The most successful Australian asset managers are those who manage their cost-to-income ratios at 55 per cent or less, according to a survey by consultants Investit.

Australian asset managers are among some of the best run fund-management businesses in the world and for a short-time may enjoy not having to take into account new regulations that their US and European counterparts are being forced to confront, reports Investit.

“Firms in Australia probably need to look at how new regulations and market conditions have affected their cousins in Europe and the US,” says Doug Neill, an Investit principal.

Investit’s survey of global asset managers included small firms that typically invest in one asset class. Asset managers with large amounts of assets under management but with low-margin products, as well as fund managers with many different businesses were also surveyed.

The 63-page survey, Building Your Business Efficiently, will not be made public.

Neill says the survey concluded that all asset-management models can work well and that size does not matter.

“Culturally, high performance firms do feel different,” says Neill. “There is no procrastination. They have a clear focus and rigorous business management.”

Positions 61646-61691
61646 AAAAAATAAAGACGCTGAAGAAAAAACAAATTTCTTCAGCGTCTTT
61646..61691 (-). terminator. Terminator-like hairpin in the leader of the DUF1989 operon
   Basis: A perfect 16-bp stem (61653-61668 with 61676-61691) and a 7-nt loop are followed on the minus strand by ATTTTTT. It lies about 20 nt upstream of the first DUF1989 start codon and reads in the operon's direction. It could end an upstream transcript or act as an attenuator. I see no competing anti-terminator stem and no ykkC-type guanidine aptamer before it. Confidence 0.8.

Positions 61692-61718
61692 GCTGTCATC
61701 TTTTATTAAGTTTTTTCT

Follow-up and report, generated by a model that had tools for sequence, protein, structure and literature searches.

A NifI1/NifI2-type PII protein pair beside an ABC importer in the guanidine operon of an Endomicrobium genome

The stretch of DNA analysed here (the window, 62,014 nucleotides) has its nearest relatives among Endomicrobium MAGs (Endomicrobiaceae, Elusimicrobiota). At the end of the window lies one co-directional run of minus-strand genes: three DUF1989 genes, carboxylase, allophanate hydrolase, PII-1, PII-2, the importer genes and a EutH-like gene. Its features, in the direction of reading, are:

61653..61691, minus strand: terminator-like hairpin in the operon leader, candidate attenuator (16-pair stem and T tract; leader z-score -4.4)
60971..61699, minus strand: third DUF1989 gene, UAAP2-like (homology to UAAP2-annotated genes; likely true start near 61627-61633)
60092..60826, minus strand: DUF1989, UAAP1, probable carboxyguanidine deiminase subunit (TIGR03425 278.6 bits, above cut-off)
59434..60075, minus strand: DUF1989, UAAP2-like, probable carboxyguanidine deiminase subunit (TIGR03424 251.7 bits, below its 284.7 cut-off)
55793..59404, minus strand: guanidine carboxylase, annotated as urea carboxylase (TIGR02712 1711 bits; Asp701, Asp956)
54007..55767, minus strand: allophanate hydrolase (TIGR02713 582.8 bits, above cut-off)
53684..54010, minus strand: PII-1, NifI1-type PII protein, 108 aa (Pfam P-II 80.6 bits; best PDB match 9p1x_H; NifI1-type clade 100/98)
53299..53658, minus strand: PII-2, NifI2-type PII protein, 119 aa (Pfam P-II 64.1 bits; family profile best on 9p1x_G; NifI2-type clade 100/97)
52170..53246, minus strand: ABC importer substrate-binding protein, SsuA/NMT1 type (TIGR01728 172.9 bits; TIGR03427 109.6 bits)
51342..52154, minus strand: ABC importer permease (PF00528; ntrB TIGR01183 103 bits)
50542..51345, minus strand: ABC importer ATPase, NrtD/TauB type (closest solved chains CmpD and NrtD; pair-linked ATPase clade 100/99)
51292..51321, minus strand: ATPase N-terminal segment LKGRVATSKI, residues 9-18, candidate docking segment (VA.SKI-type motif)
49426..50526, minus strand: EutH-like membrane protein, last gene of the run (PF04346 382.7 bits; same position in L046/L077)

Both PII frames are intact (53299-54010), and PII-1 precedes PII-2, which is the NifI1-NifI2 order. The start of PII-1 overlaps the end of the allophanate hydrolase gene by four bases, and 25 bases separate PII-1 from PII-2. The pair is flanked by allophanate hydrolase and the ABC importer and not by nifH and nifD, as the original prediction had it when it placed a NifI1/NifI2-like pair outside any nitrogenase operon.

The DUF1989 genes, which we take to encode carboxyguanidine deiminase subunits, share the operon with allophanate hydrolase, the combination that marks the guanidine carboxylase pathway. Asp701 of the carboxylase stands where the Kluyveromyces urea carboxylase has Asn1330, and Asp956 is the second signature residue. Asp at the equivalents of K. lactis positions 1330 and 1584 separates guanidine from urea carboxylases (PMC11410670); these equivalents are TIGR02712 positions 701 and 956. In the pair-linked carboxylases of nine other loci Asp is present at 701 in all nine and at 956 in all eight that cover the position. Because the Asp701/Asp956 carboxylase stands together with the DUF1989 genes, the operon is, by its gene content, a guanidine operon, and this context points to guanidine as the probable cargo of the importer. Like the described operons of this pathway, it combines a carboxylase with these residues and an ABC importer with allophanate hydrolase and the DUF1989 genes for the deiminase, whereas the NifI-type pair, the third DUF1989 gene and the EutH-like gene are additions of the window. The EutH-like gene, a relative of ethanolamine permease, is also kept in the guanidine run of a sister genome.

He warns that asset managers need to think about making their businesses more complex.

The most successful Australian asset managers are those who manage their cost-to-income ratios at 55 per cent or less, according to a survey by consultants Investit.

Australian asset managers are among some of the best run fund-management businesses in the world and for a short-time may enjoy not having to take into account new regulations that their US and European counterparts are being forced to confront, reports Investit.

“Firms in Australia probably need to look at how new regulations and market conditions have affected their cousins in Europe and the US,” says Doug Neill, an Investit principal.

Investit’s survey of global asset managers included small firms that typically invest in one asset class. Asset managers with large amounts of assets under management but with low-margin products, as well as fund managers with many different businesses were also surveyed.

The 63-page survey, Building Your Business Efficiently, will not be made public.

Neill says the survey concluded that all asset-management models can work well and that size does not matter.

“Culturally, high performance firms do feel different,” says Neill. “There is no procrastination. They have a clear focus and rigorous business management.”

He warns that asset managers need to think about making their businesses more complex.

“Concentrating on selling more of what you’re good at can increase revenue without the increased complexity and costs,” says Neill.

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